ABOVE: H5N1 virus
Civil disobedience and export laws: those are two concepts not often linked together. But it appears that a Dutch researcher on the H5N1 avian virus is planning to tell Dutch authorities to take a hike and will submit his research to a U.S. journal even though the Dutch government has declared that the research is export-controlled.
This issue was discussed in an earlier post on this blog that discussed how decisions by U.S. researchers to restrict dissemination of some research on the bird flu virus might disqualify the research from the fundamental research exception and make it difficult to share the research with colleagues in other countries. Those restrictions were ultimately removed and the research is not considered export controlled in the United States. Dutch authorities have relied on those initial restrictions to declare the research controlled and have told the researcher that he could not submit the research to foreign journals for publication.
Now Fouchier [the Dutch researcher] says that he is prepared to defy the government and submit the work anyway, an action that could cost him up to 6 years in prison or a $102,000 fine. …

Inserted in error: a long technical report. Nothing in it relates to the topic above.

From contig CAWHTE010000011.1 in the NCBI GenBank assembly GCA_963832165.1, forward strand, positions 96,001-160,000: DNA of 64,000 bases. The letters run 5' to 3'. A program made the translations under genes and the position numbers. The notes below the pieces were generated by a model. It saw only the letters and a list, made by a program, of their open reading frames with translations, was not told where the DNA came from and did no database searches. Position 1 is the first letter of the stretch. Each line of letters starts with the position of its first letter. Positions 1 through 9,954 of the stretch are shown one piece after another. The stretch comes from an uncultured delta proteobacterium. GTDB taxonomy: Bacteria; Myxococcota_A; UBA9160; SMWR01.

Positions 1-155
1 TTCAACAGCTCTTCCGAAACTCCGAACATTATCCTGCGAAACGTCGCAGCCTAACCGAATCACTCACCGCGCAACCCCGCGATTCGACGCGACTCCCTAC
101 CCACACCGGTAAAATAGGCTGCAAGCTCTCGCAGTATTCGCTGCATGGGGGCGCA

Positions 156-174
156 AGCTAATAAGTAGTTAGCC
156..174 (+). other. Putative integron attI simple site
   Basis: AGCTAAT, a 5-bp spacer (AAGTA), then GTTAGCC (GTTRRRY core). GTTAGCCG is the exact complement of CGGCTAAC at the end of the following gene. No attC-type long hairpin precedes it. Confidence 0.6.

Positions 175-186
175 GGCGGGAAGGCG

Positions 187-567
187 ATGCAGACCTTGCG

“We simply will never apply for an export permit on a scientific manuscript for publication in a journal. We do not want to create a precedent here,” he told Nature. “We might end up in court indeed if they insist on censorship.”
As an unrelated update, this blog yesterday posted on the $450,000 fine levied on Essie Cosmetics for exports of nail polish to Iran. Several readers have emailed me to suggest that the high fine was based not on the strategic implications of nail polish exports but on, shall we say, an uncooperative attitude by Essie in dealing with OFAC. That’s not hard to believe because, notwithstanding Essie’s expensive dust-up with OFAC, the cosmetic company’s website still has Iran in the drop-down list of countries in forms on its website.